David Carradine in "Kung Fu"
Sit With Me a Moment, Grasshopper
Sometimes the most valuable lessons are revealed through loss
Eight years ago, I was diagnosed with kidney failure. Don’t worry. It really is related. Keep reading. I have low blood pressure and I’m not diabetic. So what caused the kidney failure and how the heck can I keep from getting it? you ask. One in ten people has kidney disease, and the most common causes are diabetes and high blood pressure. Unfortunately, it’s not always caused by those things though. What I want to share with you today is probably one of the most valuable lessons I’ve learned along this journey – the importance of destressing with “me time.”
First in my family to ever have kidney problems of any kind, doctors diagnosed me with Focal Segmental Glomerosclerosis (FSGS). FSGS has been linked to childhood Rheumatoid disorders and resulting illnesses that attack the body’s immune system and allow infections to damage vital organs. Whew! That’s a mouthful. There’s probably not much I could have done to avoid kidney failure since I was born with a heart murmur and developed Rheumatic Heart at five years old, but I said all that to say this: most illnesses are exacerbated by stress, so take time to nurture yourself right now. If you’re predisposed to a particular illness, don’t give it ammunition by allowing unnecessary stress to fester in your life.
Before the life-altering diagnosis, I worked 70-80 hours a week. Over the years, I’ve worked as a band director, choral director, substance abuse counselor, mental health therapist, college counselor and career counselor. In my pursuit of success I probably spent 70% of my life working and going to school. In fact, when I was diagnosed with kidney failure I’d nearly finished doctoral coursework. Still on autopilot and so out of touch with actually living, all I could see was the proverbial finish line. I completed my final courses and passed comprehensives, a grueling endeavor considering I was just starting the grieving process that accompanies any chronic, degenerative, life-altering illness, and my brain was still foggy from the surgical anesthesia to boot.
It wasn’t until I was at work one day (at that time I was doing dialysis at home) emailing my dissertation advisor (who was notoriously difficult to reach, BTW) that I had an epiphany: “I’m not enjoying this and I don’t want to do it anymore.” The next step was to just stop. Now don’t get me wrong; I’m a major advocate for education, and I’m happy and proud for anyone pursuing more of it, but it’s important to pursue things that give us joy and fulfillment. It took me a long time to face it, but no matter how many “A’s” I made, I realized school didn’t make me happy.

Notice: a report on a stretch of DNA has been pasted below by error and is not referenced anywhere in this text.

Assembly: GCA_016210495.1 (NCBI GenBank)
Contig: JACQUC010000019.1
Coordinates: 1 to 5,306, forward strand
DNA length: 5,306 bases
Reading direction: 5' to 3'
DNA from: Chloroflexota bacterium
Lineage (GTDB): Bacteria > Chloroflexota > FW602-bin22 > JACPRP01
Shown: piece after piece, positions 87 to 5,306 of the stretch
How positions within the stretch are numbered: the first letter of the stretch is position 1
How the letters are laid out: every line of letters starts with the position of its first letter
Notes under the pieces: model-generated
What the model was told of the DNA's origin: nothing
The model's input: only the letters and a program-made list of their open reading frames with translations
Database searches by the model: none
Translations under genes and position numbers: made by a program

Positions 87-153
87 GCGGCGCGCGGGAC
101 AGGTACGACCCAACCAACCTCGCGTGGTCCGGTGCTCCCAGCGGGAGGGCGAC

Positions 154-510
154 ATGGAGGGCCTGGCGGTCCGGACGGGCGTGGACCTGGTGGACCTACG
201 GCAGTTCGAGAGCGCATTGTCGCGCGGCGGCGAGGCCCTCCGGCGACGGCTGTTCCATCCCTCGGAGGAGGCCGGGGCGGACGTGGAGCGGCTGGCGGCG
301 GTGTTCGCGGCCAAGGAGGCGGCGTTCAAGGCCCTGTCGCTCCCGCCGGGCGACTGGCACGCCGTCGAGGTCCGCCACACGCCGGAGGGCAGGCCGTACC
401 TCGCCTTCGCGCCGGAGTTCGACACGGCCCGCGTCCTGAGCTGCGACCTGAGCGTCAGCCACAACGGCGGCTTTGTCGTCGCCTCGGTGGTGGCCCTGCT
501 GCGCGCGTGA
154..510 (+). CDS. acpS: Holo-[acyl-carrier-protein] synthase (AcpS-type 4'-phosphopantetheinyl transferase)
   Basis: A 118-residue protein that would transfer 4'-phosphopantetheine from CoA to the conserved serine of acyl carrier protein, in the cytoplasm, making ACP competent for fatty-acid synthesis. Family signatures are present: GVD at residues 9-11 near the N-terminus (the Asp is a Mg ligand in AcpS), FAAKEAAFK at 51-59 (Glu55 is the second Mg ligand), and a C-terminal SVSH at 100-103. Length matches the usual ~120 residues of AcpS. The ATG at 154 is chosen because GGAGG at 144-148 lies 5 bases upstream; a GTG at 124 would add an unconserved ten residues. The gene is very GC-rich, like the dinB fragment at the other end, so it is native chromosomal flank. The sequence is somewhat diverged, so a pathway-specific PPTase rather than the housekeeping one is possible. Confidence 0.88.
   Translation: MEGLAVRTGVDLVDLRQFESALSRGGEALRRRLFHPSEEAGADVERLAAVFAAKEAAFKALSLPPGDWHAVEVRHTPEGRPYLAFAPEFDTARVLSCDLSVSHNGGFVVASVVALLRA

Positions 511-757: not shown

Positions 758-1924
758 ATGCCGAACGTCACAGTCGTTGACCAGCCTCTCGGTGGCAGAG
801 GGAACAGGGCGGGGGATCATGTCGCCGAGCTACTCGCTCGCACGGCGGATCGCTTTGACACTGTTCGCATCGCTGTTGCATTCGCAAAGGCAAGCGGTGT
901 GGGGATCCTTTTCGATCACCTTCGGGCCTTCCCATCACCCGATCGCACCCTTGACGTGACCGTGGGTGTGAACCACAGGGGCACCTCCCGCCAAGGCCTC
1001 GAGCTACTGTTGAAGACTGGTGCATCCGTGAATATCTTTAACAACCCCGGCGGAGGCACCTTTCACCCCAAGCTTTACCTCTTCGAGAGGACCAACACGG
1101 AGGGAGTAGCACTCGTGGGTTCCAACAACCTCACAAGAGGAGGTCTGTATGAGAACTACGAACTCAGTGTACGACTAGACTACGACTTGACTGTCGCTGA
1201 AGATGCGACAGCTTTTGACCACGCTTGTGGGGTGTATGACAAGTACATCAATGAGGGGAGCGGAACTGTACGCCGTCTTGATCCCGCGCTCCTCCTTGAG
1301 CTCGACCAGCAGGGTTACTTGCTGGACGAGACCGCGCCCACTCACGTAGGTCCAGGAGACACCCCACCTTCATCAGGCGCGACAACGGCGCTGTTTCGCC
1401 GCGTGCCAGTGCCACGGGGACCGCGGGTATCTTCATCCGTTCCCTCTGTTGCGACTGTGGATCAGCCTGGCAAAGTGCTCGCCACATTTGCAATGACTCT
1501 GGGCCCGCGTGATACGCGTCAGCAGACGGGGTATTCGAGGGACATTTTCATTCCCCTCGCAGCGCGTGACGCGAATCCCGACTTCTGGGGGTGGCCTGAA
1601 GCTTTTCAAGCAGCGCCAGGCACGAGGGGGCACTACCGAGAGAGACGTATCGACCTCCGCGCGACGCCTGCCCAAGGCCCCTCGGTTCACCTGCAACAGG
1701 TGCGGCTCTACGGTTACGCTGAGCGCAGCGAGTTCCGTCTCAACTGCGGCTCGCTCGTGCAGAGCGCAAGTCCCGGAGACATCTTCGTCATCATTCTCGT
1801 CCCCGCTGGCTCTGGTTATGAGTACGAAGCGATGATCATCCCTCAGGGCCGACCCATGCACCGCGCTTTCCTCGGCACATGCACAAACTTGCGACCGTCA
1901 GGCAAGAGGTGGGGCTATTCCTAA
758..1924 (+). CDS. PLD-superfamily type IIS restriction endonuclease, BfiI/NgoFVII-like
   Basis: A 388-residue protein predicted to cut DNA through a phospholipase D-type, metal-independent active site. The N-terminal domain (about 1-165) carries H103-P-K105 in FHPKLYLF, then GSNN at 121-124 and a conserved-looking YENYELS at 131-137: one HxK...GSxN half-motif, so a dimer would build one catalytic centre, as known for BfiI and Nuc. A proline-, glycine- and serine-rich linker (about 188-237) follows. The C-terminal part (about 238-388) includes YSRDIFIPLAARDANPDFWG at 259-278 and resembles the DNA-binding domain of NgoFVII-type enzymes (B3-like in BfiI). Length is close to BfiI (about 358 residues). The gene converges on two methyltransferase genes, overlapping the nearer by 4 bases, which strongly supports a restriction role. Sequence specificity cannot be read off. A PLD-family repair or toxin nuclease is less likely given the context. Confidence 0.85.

Wish I’d realized it sooner, but oh well, c’est la vie! I’m just grateful I realized it when I did, and in many ways the diagnosis with kidney failure made it crystal clear. I no longer had the luxury of making lofty plans for the distant future – I had to start living for right now. Once I did finally figure it out, it gave me time to get down to what’s really important. Most of us spend the majority of our time working inside and outside the home, running errands, paying bills, and 60% or more of our time doing “busy work.” Finding “me time” can be a challenge for any adult, especially women because we’re too often expected to be everything for everybody.
I suppose it’s human nature to keep saying “one day” I’ll take the time to go on vacation, or take that trip to Italy, or spend more time with family, but too often, “one day” never comes, and other things happen to make our goals unattainable. I could write a book about this (and I’m still considering it), but just for today, make time for yourself, enjoy your family, make a list (you should have known there would be a list somewhere) of things you’d like to do, accomplish, or experience - a bucket list, if you will, and destress and declutter (things, people, and ideas) your life as much as possible.
The general principle is to spend more of your limited time enjoying life and less engaging in the necessary drudgery that comes along with the package. Living by this principle means you’ll never have to say “I wish I had.” Each of us lives several lives, so to speak. In the course of a short period of time – months, years, sometimes even days, the still frame of your life can be changed completely. The only constant is you. I know – sounds daunting, right? It’s not. Really.
In this particular still frame, I’m a Minister of Music, author, and algebra and statistics tutor, and I fight everyday to keep kidney failure and dialysis from taking over my life. It’s challenging, but I can’t help thinking that if it weren’t for being diagnosed with this terrible disease, I’d still be plodding along the misguided path I was on, thinking, “one day I'll make time to do more things I enjoy.” So, Grasshopper, what’s stealing your time? Your joy? What would you really like to be doing with your life? Any recent epiphanies?